There’s what I consider to be a bit of a scary movement in Life Coaching at the moment.
It strikes me as a pyramid scheme and it’s growing in popularity.
This is how it works.
A handful of coaches who (supposedly) charge fees of $50k and up to work with clients are teaching other coaches how to charge fees of $50k and up.
I have no doubt that some of the teachers have, and do, charge very high fees, some even as high as $200k per year, but not every coach can.
For the most part they are selling a dream and no matter how they frame it or dress it up, at a deep level they are appealing to people’s greed rather than their desire to help others.
There simply aren’t enough people out there who can afford to drop that kind of coin to service the amount of coaches going through these programs.
One of these coaches told me, and I swear this is true, that anybody can afford it if they want it badly enough. They will borrow, beg or find some way to get the money.
That’s the lie told by the trainers.
I find that insulting to the tens of millions of people in this country who struggle to pay their monthly bills.
Imagine you have an investment opportunity that you know cannot fail. Go with me on this and let’s agree it cannot fail.
You can double your money in 6 months if you can only invest $1,000,000.
Can you pull it off?
Can you raise that kind of money even though you know there is no chance you can lose?
I doubt it unless you have a very wealthy family member or close friend. I know I certainly couldn’t.
The coach I mentioned above told me he’d persuaded a teacher to borrow $30,000 for his services.
It equated to almost a years salary for the guy.
A Secret About Life Coaching
Let me tell you a secret about Life Coaching.
It doesn’t always work.
For any number of reasons, many of which are outside of your control, you don’t always help your clients get the results they want.
I couldn’t sleep at nights knowing that I could put somebody into long-term serious debt because I persuaded them to borrow a huge amount of money to work with me.
I’m now going to do a flip flop.
You have to charge what you think you are worth and what will make your practice sustainable. If you think that is $100k per client, then go for it.
I suspect unless you have a background in Corporate America and have a contact list of senior executives to call upon you’re probably going to fail, but the choice is yours.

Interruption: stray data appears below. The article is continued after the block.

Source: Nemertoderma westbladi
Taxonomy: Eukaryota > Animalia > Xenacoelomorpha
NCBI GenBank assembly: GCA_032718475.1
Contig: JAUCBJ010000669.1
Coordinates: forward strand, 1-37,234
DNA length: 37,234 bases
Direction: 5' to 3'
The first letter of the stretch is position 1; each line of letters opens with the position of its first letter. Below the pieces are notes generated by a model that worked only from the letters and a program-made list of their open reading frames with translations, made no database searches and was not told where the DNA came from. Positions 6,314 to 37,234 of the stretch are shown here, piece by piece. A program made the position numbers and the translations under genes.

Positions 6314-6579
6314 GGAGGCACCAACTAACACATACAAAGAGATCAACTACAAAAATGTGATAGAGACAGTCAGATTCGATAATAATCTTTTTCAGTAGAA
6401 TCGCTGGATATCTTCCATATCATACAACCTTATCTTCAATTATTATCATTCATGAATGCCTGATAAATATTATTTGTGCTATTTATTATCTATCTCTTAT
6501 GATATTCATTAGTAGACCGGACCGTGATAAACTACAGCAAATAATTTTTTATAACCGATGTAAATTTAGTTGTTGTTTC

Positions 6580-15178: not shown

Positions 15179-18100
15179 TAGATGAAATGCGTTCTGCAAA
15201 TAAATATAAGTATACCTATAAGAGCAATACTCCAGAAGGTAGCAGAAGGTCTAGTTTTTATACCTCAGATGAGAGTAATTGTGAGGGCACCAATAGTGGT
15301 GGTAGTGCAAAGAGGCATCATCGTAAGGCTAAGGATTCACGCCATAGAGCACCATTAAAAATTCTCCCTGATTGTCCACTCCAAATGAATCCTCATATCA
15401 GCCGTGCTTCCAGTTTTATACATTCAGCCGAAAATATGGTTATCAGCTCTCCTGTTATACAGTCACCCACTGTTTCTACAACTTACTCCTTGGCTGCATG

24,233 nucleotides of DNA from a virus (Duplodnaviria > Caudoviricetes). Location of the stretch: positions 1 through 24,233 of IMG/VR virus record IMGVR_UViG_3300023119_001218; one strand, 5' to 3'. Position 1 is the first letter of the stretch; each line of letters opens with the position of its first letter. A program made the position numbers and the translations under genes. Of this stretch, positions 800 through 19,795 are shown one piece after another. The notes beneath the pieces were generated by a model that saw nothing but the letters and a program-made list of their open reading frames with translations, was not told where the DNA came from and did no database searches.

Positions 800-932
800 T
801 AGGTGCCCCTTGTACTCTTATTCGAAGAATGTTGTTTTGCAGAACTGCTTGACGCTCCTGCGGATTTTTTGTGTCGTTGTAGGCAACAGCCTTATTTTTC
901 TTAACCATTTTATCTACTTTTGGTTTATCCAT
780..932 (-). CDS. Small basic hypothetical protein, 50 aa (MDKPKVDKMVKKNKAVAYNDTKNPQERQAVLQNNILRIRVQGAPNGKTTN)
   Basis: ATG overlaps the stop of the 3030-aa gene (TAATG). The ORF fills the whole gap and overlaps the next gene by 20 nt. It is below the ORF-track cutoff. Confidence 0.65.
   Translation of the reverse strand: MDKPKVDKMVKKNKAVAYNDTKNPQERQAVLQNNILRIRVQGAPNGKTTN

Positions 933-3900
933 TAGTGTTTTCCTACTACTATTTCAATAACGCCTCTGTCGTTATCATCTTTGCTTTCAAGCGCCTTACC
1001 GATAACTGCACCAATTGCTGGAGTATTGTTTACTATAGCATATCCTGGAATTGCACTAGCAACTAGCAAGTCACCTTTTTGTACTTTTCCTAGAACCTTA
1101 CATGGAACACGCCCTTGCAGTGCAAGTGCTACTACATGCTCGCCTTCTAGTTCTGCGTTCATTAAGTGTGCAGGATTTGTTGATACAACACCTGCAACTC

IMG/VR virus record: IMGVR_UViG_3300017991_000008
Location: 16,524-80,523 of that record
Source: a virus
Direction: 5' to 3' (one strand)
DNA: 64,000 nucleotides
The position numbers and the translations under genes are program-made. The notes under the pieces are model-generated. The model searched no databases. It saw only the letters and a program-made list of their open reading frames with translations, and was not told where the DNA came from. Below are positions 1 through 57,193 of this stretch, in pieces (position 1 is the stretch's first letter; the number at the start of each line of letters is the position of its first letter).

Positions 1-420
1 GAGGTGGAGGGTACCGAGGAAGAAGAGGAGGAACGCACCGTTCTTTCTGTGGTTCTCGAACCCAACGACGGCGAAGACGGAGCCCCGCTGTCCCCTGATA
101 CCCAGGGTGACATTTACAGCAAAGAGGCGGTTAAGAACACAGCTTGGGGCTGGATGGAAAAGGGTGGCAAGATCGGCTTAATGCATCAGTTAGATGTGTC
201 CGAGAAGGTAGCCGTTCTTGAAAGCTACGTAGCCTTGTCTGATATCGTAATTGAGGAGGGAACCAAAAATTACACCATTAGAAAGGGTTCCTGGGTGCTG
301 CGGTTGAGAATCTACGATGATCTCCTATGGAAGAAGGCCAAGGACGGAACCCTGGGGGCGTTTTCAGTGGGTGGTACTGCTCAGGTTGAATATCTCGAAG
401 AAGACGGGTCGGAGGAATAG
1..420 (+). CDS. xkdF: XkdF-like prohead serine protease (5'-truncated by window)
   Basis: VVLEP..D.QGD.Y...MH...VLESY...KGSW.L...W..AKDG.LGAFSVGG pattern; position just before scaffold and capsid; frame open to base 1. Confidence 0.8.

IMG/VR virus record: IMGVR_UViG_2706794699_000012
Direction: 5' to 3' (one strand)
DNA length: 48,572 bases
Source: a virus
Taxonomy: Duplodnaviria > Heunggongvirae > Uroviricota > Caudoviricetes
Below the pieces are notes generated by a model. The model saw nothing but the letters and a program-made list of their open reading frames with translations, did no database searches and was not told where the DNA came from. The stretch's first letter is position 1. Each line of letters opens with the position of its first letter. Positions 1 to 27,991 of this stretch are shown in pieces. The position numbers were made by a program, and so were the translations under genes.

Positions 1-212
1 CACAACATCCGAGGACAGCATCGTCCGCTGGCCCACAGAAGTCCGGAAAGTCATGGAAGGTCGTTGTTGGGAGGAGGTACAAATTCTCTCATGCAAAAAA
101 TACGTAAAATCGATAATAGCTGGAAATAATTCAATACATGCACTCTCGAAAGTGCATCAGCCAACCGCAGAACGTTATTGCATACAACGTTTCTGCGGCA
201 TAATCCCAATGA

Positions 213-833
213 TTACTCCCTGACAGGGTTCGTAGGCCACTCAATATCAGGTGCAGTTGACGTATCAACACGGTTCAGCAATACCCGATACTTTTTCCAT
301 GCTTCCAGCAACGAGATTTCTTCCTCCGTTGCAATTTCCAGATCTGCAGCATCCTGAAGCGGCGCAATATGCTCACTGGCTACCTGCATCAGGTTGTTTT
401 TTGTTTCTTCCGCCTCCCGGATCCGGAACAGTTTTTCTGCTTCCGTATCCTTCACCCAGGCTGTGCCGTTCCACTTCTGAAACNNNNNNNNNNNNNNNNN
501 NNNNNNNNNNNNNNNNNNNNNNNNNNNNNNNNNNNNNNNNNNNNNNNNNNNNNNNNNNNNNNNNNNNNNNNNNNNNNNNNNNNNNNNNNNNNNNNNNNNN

A Life Coaching client I was once working wth me announced at the beginning of a session that he had spent half a day researching what other coaches were charging.
‘What for?’ I asked.
‘So I can work out what the average going rate is and charge accordingly’ he replied.
‘What if the going rate doesn’t allow you to pay your bills without working 80 hours per week?’ I went on.
He just shrugged his shoulders and looked a bit sheepish.
How Much Should I Charge For Life Coaching?
On the Coach The Life Coach course one of the least sexy parts of it is explaining how to work out what you should be charging at a minimum to stay in business.
It’s not particularly complicated, but it does involve knowing how many inquiries you need to generate (and that may include a face-to-face chats at a networking events) how many prospects you are likely to convert into clients and how much money you want and need to earn in a year.
It also involves knowing the difference between a cold prospect, a warm prospect and a referral because your conversion rate will vary accordingly.
It really doesn’t matter what other Life Coaches are charging because they are not you.
They may live extravagantly or very frugally. They may have 5 kids and a spouse, or may be single. They may want to coach from every corner of the globe or be happy to work from their one bed apartment.
Forget what other coaches charge because it’s none of your business. You’re not selling a commodity where price is the biggest deciding factor, you’re offering a bespoke service.
Charge what feels right for you and what can allow you to live a nice life doing a job you love and then get to work on making it happen.
I’d be interested to know if fees have ever been an issue for you. Please let me know your thoughts in the comments.